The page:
Artist statement – Sandra Schock-Houtman There are infinite possibilities when one uses the Earth and its progeny as sparks for creativity.  I found Dr. White’s photographs of plankton engaging at first sight. The biggest problem I encountered in creating work for this show was choosing one photo to focus on! For several years, I have […]


Under the Hood
September 10, 2012

Under the Hood

Geologists reveal the steady personality of Oregon’s signature peak

Mount Hood last erupted more than 200 years ago, but at Crater Rock, not far from the summit, the signs of volcanic activity are unmistakable. Gas vents and hot springs emit sulfur fumes. Vapors rising from deep under the mountain carve snow caves, which can seem like sanctuaries for climbers but often hold deadly concentrations […]


Space Dreams
August 6, 2012

Space Dreams

Don Pettit talks about exploration, colonizing other planets and raising zucchini on the International Space Station

When he’s on Earth, Don Pettit dreams about space. But when he’s in space, he dreams about walking on Earth.  “Dreams may have something to do with humans never being satisfied, which is why we go exploring in the first place,” he says. If there’s a gene for the urge to explore new worlds, Pettit […]


Bug Problems? Call in the Chickens
July 25, 2012

Bug Problems? Call in the Chickens

Oregon State Extension experiments with pest control in organic apple orchard

“Aw, no bugs!” exclaims Betsey Miller after meticulously pouring over a wheelbarrow’s worth of decomposing leaf litter and manure. “The chickens are doing a great job, but it’s still fun for us entomologists to find insects once in a while!” A pen of praiseworthy red-ranger chickens peck away at the grass a few yards away, […]


The Heart of Mass
July 25, 2012

The Heart of Mass

Discovery of the Higgs opens a new chapter in the exploration of nature

The term “God particle” tends to rankle physicists. The flippant reference to the recently discovered particle believed to be the Higgs boson was coined by Leon Lederman, the former director of the Department of Energy’s Fermilab and Nobel Prize winning physicist. But, says Ken Krane, nuclear scientist and emeritus professor of physics at Oregon State […]


Horns of Africa
July 11, 2012

Horns of Africa

Dylan McDowell studies endangered rhinos in Tanzanian reserves

In the place where Dylan McDowell grew up, wildlife meant sea lions, sandpipers, salmon and passing pods of spouting whales. Where he’s going this summer, wildlife means something else entirely, something reminiscent of Maurice Sendak’s Where the Wild Things Are, exotic and fearsome: wildebeests, jackals, baboons, leopards, warthogs. And rhinos that have been poached nearly […]


Sea Urchin
July 11, 2012

Sea Urchin

Caitlyn Clark takes her love of ecology to Ireland's first marine reserve

On her first-ever research trip, Caitlyn Clark trudged up and down hundreds of spongy hummocks spanning miles of arctic tundra, all the while swatting at giant mosquitoes and scanning for hungry polar bears. She was in Manitoba to collect data about the habitats of boreal frogs and stickleback fish for Earthwatch Institute Student Challenge Awards […]


The Earth Burps and Burns
July 11, 2012

The Earth Burps and Burns

WeiLi Hong measures methane emissions in Korean ocean waters

When the Earth burps, WeiLi Hong listens. Whether Earth’s gaseous emissions bubble up from “mud volcanoes” on the planet’s surface or seep out of fissures on the ocean floor, the Oregon State University Ph.D. student has his monitoring gear to the ground. And sometimes, he’s actually in the ground. “I fell in twice,” Hong admits, […]


Legacy of a Whale
July 11, 2012

Legacy of a Whale

Renee Albertson’s childhood encounter led her, decades later, to French Polynesia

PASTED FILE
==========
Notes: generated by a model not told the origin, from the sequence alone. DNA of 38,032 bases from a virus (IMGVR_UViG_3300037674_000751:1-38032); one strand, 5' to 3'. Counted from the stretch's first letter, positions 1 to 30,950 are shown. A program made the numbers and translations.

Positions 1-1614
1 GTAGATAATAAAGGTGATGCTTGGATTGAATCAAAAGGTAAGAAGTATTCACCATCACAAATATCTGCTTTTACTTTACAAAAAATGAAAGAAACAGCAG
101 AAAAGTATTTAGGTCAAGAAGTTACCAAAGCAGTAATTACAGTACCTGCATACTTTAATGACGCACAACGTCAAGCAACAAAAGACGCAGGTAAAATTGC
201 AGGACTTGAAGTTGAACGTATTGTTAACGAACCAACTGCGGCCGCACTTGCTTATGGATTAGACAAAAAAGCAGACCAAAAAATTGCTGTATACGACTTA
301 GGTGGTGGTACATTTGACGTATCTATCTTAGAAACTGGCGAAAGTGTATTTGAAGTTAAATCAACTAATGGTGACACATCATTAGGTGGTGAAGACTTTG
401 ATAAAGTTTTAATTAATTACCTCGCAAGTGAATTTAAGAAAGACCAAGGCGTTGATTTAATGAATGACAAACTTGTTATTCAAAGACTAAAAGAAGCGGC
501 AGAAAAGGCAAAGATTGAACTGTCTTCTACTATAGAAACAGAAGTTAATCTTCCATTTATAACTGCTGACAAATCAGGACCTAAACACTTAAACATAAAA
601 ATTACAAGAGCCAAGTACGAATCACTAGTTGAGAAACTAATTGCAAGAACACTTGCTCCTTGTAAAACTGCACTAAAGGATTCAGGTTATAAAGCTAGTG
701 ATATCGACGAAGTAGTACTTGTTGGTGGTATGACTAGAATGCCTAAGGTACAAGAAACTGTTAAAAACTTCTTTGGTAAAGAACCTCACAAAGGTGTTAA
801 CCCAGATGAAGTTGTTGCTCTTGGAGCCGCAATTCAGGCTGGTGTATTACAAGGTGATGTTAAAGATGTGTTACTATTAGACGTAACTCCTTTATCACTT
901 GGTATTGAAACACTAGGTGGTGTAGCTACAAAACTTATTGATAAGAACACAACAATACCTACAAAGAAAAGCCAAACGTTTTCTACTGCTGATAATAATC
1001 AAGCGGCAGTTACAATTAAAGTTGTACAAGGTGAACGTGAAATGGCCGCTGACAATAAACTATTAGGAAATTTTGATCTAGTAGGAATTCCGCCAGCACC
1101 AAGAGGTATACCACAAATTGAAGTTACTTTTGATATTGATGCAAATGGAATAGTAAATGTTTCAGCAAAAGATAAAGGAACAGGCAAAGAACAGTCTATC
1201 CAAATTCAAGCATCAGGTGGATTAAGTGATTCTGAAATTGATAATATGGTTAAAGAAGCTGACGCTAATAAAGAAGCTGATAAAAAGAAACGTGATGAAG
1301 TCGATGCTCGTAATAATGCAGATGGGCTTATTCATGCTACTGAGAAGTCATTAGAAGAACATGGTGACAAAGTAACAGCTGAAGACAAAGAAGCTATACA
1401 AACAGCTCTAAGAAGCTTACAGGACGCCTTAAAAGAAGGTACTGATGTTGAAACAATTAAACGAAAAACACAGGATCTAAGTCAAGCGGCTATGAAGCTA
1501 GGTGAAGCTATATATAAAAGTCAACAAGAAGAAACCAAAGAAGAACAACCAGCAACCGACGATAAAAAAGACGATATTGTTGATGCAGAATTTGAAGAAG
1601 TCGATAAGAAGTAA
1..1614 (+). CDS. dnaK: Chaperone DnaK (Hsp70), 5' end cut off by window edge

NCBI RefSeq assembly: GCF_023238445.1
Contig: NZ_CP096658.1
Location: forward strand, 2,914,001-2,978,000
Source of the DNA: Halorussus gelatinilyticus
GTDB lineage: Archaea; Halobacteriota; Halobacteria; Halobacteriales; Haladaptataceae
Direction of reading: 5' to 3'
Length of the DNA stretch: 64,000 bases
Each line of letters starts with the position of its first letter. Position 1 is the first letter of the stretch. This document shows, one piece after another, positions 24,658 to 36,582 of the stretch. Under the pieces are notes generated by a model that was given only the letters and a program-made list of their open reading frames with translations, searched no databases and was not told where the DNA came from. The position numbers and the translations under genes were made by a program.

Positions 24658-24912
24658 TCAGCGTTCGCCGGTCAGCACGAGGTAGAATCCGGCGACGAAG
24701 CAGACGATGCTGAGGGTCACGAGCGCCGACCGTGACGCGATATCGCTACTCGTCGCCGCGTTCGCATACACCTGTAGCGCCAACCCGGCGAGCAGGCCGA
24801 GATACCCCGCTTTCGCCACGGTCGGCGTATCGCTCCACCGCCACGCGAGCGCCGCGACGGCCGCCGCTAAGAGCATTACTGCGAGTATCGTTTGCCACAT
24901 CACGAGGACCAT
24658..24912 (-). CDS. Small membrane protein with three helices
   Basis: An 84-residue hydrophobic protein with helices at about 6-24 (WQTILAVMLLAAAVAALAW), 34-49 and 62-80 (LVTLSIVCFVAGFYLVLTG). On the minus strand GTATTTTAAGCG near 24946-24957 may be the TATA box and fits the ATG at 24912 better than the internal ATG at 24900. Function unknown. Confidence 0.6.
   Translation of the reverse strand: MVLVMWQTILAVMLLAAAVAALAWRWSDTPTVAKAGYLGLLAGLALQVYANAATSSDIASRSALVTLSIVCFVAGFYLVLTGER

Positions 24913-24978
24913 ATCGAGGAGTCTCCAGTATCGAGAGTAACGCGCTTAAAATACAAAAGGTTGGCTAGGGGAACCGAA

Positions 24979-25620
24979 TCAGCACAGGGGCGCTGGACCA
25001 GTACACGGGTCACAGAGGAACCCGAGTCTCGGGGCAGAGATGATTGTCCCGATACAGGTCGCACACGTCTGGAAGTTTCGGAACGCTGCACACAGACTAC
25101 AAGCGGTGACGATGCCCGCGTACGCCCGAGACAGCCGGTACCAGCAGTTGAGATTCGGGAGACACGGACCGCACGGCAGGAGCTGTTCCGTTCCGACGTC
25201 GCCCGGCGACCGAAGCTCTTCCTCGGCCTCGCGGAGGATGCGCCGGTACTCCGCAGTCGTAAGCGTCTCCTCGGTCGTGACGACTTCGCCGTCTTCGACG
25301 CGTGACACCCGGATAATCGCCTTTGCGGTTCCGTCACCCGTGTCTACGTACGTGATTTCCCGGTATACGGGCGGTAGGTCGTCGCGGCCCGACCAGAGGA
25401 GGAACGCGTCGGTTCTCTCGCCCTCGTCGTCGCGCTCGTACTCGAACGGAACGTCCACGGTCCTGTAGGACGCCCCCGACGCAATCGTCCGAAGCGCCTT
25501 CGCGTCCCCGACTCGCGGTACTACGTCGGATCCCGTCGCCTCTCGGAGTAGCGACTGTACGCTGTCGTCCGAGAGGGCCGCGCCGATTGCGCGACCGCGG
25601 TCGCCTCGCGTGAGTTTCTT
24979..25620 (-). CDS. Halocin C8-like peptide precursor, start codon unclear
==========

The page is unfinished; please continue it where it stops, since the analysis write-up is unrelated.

Rain was pouring hard the day Renee Albertson first connected, face-to-face, with a marine mammal. She was a 7-year-old visiting British Columbia’s Sealand aquarium (Canada’s now-defunct answer to California’s SeaWorld) with her mom and dad. The daily show had been cancelled because of the downpour. The usual crowds were absent. As the soggy trio from […]


Dolphin Defender
July 3, 2012

Dolphin Defender

Rebecca Hamner boats New Zealand’s coastline collecting DNA from endangered dolphins

A dolphin’s dorsal fin can be as distinctive as a human fingerprint. As the fin slices through the sea, its unique pattern of pigments, nicks and scars relays the animal’s personal story to observers on the surface. Often, scientists can use these markings to ID individual dolphins. But for some species, fin IDs are not […]


Science Without Borders
June 29, 2012

Science Without Borders

Want to do science today? Make sure your passport is up to date.

When land grant universities were created 150 years ago, science was already an international activity. Well before the signing of the Morrill Act in 1862, American scientists aboard six U.S. Navy vessels had circumnavigated the globe, collected thousands of plant and animal specimens and mapped parts of the Pacific Ocean from the Columbia River to […]


Floating Dock from Japan Carries Potential Invasive Species
June 7, 2012

Floating Dock from Japan Carries Potential Invasive Species

Starfish, crabs, oysters and algae are among the Asian hitchhikers

When debris from the 2011 earthquake and tsunami in Japan began making its way toward the West Coast of the United States, there were fears of possible radiation and chemical contamination as well as costly cleanup. But a floating dock that unexpectedly washed ashore in Newport this week and has been traced back to the […]


Fisher of Rivers
June 6, 2012

Fisher of Rivers

Haley Ohms wades into Dolly Varden research in Japanese streams

A river runs through Haley Ohms’ life. Actually, a whole bunch of rivers. So spending the summer hip-deep in fast-moving water will feel familiar to the Oregon State University graduate student — even if those cold, tumbling waters flow on the other side of the Pacific Rim. The fish will seem familiar, too. The Dolly […]


Running Clear
May 30, 2012

Running Clear

Gary Klinkhammer turned water analysis into environmental protection

The Arctic Ocean, 1997. Gary Klinkhammer had strapped a water chemistry analyzer onto the hull of a retired U.S. Navy nuclear submarine to measure carbon. He had come to this bleak and desolate place looking for organic matter, fertile detritus dumped into the ocean by massive rivers in Siberia and North America. “The Arctic in […]